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8 November 2013, 06:13
There's a warning that Dorset Police are struggling so much financially they might have to team up with a neighbouring force like Hampshire or Wiltshire.
The county's Police and Crime Commissioner Martyn Underhill says they can't cope with any more budget cuts.
Dorset Police has already identified that it needs to save £22.5m over four years between March 2011 and March 2015 and says it 'faces a challenge to deliver savings'.
The force plans to achieve further savings of £5.2m in 2013/14, and another £4.3m in 2014/15, and has started to consider what savings it might need to make after March 2015.
In a report, it says 'based on current planning the force expects that most of these future savings will have to be found from pay costs. This would impact on the force’s ability to maintain its local policing neighbourhood teams and some protective services (functions such as traffic, dogs and major crime). The force report that a further 10% cut would necessitate a fundamental change of approach such as consideration of a strategic alliance with another force.'
Chairman of Dorset Police Federation Clive Chamberlain said:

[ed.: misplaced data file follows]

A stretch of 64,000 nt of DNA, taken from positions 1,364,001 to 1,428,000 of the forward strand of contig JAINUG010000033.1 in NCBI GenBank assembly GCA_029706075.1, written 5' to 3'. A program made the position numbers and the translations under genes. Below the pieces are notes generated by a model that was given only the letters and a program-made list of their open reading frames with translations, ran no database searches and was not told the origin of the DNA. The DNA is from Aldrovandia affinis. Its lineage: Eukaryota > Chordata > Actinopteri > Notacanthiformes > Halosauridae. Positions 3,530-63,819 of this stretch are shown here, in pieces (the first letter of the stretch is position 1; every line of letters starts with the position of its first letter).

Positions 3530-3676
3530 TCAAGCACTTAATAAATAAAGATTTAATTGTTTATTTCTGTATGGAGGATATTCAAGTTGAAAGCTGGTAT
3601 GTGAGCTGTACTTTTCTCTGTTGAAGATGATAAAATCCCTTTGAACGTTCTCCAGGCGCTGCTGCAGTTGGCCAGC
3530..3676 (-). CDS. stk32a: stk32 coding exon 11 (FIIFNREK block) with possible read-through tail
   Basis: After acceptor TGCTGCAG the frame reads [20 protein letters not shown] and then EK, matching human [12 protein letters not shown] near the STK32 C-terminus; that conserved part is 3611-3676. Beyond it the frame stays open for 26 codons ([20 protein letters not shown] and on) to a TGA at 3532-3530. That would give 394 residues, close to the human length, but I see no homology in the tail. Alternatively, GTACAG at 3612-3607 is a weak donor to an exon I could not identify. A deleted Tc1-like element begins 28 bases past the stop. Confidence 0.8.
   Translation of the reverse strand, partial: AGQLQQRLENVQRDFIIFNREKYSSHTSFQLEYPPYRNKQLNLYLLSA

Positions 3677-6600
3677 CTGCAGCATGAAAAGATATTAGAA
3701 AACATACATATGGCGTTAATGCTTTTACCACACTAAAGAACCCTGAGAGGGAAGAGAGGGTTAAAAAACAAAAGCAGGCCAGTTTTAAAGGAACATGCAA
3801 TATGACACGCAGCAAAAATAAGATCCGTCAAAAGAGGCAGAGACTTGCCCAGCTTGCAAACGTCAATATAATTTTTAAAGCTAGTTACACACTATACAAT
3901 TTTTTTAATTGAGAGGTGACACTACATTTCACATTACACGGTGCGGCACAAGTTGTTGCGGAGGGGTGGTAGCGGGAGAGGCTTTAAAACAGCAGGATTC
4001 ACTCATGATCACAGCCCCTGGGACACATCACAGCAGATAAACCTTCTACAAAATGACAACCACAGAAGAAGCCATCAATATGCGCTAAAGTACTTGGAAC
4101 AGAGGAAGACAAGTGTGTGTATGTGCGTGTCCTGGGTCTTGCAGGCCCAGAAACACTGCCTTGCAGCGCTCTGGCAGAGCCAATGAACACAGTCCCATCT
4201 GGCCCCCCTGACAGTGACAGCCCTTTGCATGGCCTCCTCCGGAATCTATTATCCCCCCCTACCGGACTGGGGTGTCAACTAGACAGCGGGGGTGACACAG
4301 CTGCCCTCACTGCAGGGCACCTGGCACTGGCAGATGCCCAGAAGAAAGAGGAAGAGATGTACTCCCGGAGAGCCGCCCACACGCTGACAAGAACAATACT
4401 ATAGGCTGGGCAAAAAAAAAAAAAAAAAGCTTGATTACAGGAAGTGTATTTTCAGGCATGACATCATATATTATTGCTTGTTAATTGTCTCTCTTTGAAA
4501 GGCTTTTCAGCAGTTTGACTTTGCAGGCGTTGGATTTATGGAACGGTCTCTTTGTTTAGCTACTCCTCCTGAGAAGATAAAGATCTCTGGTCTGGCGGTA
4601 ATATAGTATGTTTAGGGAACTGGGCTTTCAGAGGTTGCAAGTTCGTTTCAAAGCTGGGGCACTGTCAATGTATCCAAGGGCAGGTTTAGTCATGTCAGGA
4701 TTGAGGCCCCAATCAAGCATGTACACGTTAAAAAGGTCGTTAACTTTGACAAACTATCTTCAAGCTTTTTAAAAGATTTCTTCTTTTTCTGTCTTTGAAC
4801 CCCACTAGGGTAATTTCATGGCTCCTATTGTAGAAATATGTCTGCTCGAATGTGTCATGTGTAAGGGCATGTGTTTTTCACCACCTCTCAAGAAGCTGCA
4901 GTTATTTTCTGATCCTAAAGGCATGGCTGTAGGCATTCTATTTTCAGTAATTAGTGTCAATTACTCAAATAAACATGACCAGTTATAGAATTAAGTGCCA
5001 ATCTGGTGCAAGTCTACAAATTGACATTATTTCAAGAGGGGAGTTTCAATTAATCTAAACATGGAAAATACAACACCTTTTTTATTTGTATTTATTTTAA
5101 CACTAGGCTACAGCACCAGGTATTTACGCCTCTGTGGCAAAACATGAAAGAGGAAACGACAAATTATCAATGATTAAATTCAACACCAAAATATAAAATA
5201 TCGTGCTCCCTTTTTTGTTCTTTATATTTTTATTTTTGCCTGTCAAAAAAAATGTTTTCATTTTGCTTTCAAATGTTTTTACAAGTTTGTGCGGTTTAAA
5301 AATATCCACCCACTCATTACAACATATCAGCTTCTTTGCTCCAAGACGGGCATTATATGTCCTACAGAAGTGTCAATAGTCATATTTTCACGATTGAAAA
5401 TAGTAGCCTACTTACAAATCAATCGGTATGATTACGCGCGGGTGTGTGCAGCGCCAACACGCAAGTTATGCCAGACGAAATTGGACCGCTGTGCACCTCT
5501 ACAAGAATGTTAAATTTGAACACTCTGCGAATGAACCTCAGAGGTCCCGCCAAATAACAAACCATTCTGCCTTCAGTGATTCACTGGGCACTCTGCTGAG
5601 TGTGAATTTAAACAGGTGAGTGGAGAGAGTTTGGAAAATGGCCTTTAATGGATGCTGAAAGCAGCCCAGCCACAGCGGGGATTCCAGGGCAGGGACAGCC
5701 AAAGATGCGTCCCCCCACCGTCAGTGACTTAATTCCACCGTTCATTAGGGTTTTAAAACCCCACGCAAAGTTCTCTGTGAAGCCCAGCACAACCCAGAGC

"A merger would be a sad day and it would be a real shame to see forces lose their individuality. I think a lot of police officers particularly would be sad to see us have to merge with a larger force.
"It could also end up being more expensive and larger forces don't always perform well. Dorset Police has consistently performed well for many years.
"What the government really needs to do is sort out our funding because at the moment it just isn't divided up fairly. For years now Dorset Police has been one of the worst funded forces in the country."
Hampshire Police Federation Chairman John Apter said:
"We are already in collaberation with a number of other foces including Dorset for different parts of policing.
"The trouble is when forces merge they can lose their identity and with a force as big as Hampshire, it would consume Dorset; and that would be sad for Dorset.
"Large forces could be less accountable to the public and less approachable. It would go against everything we're trying to achieve with Safer Neighbourhood Teams and making sure identity comes first. Officers are extremely proud of being part of Hampshire and it would be extremely sad for them to lose that.
"We do need to take steps to save money but we're already doing that by working with each other and collaborating on things. That's positive and should continue but the merging of forces would be a bad thing for the public in Hampshire and Dorset."